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Embodied GHG emissions of building materials in Shanghai

Huang, B; Chen, Y; McDowall, W; Türkeli, S; Bleischwitz, R; Geng, Y; (2019) Embodied GHG emissions of building materials in Shanghai. Journal of Cleaner Production , 210 pp. 777-785. 10.1016/j.jclepro.2018.11.030. Green open access

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Abstract

The tremendous use of building materials poses heavy threats to resources and the environment. In order to better understand the GHG emissions embodied in the abundant building material consumption of Shanghai's buildings and search for approaches to reduce GHG emissions, this study explores the building consumption and the embodied GHG emission in Shanghai's buildings through life cycle assessment. Novel and localized life cycle inventories are applied. Based on our findings, the average annual growth rate of new constructed area in Shanghai was around 10% since 2000 to 2016. Concrete, brick, sand, gravel and cement (non-concrete use) appear as the main materials used. High GHG emission burden materials per kg are revealed to be steel, lime, wood, glass and cement (non-concrete use). Accounting the annual material consumption in 2016, steel, cement (non-concrete use), concrete and brick are found have the highest contribution to embodied GHG emission in Shanghai. The decoupling analysis reveals Shanghai experienced a general trend from non-decoupling to relative decoupling between building material use and GDP in recent 17 years. Findings in this study indicate for the high GHG emission burden materials such as steel and lime, reducing the energy use and using less CO2-intensive energy sources during manufacturing are likely to be the most effective approaches. In terms of the highly consumed building materials such as concrete and brick, the focus should be on reducing consumption or looking for substitute materials with lower GHG burden per unit.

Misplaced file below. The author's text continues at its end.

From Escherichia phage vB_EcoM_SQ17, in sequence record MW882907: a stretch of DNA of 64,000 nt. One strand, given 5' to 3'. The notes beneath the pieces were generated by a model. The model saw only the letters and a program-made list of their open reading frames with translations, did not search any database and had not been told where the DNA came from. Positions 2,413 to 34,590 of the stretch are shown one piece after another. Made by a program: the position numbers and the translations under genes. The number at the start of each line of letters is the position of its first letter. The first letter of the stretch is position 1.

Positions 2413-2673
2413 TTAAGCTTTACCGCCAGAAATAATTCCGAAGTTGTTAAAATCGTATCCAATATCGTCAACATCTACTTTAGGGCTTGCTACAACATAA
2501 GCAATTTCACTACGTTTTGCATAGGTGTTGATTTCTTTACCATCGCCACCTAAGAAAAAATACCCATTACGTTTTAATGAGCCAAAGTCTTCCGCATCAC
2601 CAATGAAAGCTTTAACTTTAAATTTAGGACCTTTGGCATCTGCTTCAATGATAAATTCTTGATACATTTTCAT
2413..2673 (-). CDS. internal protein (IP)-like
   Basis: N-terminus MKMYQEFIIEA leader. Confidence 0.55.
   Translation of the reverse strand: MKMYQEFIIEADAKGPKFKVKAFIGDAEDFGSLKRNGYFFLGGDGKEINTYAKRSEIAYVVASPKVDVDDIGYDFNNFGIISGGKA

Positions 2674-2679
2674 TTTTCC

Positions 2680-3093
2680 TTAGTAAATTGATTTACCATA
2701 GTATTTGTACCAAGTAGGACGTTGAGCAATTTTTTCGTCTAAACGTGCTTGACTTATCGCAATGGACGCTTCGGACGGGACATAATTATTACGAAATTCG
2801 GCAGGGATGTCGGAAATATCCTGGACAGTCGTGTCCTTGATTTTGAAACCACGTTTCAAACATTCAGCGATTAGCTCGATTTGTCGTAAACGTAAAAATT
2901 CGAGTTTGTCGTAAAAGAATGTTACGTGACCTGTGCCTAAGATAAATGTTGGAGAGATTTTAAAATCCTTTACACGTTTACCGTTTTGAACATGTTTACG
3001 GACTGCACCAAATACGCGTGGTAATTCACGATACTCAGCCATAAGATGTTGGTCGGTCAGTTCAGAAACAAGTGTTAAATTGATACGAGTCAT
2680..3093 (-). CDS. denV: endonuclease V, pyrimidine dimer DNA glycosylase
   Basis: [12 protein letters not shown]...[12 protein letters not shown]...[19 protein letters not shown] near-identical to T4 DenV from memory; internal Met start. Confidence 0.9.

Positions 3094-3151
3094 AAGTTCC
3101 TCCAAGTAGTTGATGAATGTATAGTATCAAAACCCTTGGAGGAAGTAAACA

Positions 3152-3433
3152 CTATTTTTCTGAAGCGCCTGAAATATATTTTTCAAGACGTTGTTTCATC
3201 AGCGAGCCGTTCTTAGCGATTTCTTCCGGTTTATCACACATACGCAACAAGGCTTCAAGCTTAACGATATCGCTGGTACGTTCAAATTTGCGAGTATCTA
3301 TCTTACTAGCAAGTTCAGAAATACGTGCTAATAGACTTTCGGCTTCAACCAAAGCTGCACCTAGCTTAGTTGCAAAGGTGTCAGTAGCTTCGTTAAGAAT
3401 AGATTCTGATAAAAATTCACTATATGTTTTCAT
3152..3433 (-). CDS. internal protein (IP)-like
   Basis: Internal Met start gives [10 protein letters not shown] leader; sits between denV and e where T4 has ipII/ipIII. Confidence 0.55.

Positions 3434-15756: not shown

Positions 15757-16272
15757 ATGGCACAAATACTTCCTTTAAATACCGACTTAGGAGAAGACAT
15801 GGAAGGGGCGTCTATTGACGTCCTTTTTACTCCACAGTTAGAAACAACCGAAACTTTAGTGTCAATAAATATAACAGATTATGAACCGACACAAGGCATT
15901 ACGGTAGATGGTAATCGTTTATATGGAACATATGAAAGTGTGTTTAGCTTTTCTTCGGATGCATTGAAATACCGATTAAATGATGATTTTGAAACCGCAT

Type: Article
Title: Embodied GHG emissions of building materials in Shanghai
Open access status: An open access version is available from UCL Discovery
DOI: 10.1016/j.jclepro.2018.11.030
Publisher version: https://doi.org/10.1016/j.jclepro.2018.11.030
Language: English
Additional information: This version is the author accepted manuscript. For information on re-use, please refer to the publisher’s terms and conditions.
Keywords: Building materials, GHG, Life cycle assessment, Shanghai, Decoupling analysis
UCL classification: UCL
UCL > Provost and Vice Provost Offices
UCL > Provost and Vice Provost Offices > UCL BEAMS
UCL > Provost and Vice Provost Offices > UCL BEAMS > Faculty of the Built Environment
UCL > Provost and Vice Provost Offices > UCL BEAMS > Faculty of the Built Environment > Bartlett School Env, Energy and Resources
URI: https://discovery.ucl.ac.uk/id/eprint/10063400
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